Study finds growth in Australian gaming habits

By Brenna Hillier, Tuesday, 11 October 2011 03:18 GMT

The Digital Australia Report 2012 has found more Australian households include gamers than ever before.

The study found 92 percent of households have a gaming device, an increase of four percent on 2008. Of homes with children under 18, this figure rose to 95 percent.

Interestingly, this jump didn’t seem entirely related to an increase in smartphones; just 43 percent of gaming households reported using phones to play, along with 13 percent using tablets. Instead, 62 percent of gamers play on PCs, 63 percent on core consoles, and 13 percent on portables – obviously, some households use more than one device.

It looks like the Australian gamer is ageing, with average rising from 30 to 32 since 2008, and three quarters of all gamers over 18. Adult gamers have on average been playing for 12 years, with more than a quarter playing for over 20. Despite that interesting snippet, youngsters are more likely to be gamers than the elderly, with 94 percent of 6-15 year olds playing as opposed to 43 percent of those over 51 years of age.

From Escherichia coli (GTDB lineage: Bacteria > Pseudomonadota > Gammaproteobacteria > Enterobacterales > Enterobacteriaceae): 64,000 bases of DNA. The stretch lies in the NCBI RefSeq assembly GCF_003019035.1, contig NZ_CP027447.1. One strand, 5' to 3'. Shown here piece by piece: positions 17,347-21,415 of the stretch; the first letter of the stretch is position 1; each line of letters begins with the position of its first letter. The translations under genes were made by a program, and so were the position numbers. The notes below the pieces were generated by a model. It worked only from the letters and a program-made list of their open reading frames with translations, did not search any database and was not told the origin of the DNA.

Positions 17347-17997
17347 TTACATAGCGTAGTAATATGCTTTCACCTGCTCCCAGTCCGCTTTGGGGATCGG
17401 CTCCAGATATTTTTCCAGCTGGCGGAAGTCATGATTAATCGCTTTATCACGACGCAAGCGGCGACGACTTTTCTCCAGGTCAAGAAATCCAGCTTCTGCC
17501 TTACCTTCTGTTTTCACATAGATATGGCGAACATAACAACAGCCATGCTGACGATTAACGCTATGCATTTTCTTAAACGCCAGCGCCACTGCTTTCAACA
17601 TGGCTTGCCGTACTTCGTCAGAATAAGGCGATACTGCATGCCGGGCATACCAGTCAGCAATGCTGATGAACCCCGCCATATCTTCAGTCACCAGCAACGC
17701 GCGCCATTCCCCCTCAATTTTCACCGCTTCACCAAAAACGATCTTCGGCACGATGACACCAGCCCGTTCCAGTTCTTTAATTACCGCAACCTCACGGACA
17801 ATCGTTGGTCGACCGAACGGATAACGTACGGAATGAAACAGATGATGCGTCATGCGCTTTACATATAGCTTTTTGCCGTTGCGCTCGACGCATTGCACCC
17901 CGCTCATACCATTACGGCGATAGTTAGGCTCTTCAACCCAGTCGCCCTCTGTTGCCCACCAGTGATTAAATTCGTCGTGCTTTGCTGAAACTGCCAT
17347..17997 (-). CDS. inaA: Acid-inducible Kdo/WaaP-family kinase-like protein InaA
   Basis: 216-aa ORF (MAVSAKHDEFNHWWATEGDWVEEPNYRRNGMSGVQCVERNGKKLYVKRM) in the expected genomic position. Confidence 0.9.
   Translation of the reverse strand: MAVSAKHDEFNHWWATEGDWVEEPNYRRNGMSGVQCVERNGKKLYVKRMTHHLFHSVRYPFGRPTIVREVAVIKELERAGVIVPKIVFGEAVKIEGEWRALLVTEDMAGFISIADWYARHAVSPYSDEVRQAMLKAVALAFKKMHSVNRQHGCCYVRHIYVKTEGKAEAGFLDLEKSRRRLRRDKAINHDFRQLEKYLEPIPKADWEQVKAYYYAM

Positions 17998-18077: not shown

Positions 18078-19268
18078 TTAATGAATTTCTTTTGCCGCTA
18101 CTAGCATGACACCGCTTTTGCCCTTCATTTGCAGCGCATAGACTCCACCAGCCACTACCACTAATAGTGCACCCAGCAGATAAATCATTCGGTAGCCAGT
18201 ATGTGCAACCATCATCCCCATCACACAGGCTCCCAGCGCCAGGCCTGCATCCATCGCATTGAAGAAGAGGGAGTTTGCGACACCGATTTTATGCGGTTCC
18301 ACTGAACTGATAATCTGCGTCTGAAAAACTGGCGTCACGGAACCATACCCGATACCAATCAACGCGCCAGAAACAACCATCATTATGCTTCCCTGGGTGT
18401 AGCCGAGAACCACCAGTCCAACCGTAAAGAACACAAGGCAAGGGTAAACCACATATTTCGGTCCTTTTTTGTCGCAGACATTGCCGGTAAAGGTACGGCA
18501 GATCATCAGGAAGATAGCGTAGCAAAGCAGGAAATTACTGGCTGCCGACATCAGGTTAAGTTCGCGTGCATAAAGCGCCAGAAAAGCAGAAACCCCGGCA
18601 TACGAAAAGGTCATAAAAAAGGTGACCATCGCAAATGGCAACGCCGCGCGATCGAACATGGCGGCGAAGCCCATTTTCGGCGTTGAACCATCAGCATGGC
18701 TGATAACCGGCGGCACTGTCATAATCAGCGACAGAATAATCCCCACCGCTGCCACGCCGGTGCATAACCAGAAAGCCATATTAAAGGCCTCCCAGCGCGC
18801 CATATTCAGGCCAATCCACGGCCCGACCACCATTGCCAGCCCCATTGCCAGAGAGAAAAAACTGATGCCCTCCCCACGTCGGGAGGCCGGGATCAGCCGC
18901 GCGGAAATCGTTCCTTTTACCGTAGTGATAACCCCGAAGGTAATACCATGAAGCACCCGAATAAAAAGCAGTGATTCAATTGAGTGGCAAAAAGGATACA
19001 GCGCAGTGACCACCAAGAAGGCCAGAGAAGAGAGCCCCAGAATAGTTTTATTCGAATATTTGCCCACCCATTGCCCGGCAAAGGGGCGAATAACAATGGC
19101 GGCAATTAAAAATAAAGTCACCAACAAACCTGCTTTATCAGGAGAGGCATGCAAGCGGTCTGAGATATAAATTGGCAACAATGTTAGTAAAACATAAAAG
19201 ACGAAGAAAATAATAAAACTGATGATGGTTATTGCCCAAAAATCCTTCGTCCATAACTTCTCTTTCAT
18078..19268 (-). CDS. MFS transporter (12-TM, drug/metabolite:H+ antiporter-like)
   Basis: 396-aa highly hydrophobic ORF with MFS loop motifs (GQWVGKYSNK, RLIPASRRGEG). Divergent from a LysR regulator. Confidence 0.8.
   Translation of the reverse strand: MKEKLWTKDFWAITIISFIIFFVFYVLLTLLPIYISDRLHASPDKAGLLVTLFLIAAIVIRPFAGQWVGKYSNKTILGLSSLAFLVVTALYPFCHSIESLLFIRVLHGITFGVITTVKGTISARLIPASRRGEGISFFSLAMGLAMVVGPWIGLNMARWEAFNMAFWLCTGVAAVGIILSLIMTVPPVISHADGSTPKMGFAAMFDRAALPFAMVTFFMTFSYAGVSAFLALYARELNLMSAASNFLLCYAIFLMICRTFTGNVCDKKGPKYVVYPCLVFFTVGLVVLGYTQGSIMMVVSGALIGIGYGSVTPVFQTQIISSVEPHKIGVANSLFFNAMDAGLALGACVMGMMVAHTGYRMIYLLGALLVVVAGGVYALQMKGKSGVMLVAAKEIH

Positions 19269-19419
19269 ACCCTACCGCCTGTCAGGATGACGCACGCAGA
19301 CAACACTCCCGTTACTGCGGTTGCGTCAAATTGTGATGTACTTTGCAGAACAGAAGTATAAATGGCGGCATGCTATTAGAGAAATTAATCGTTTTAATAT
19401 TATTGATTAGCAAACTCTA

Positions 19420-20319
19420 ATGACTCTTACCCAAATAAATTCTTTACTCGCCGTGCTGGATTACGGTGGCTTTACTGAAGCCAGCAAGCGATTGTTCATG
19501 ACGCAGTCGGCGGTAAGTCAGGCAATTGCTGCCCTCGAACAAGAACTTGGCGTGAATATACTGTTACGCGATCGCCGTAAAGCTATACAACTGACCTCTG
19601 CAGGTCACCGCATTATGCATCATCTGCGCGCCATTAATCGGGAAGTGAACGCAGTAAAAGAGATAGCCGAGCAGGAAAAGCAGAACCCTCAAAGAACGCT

One in five gamers play social network games, but just one in ten play MMOs, in line with the casual explosion. Indeed, mobile gamers reported playing “to pass the time” rather than ‘for fun an relaxation”, like console players. As you’d expect, then, Australian gamers don’t seem at risk of playing too much; just three percent reported play sessions of more tha five hours, with most coming in under an hour. 57 percent play almost every day, though.

Parental awareness of gaming was shown to be on the rise, with 83 percent of parents reporting that they play games, a significant jump on 2008’s 70 percent. 88 percent of these gaming parents play with their children, up eight percent, and 90 percent use them to “educate” their children in various ways.

Just 56 percent of parents said they were aware of parental controls on consoles, which is concerning, but only 35 percent of non-gaming parents knew of their existence. Happily, 70 percent reported adults buying games for their kids – so hopefully they’re aware of the ratings system at a bare minimum.

At the shops, 43 percent of games sold were family titles, with action (18 percent), shooter (15 percent) and sports and racing (nine percent) following. Only 43 percent reported buying physical boxed copies of games, and 14 percent bought boxed copies from online retailers. 22 percent favoured digital distribution.

IGEA’s annual Digital Australia Report is based on research conducted by Bond University, sampling over 1200 randomly-selected Australian households.

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Digital Australia Report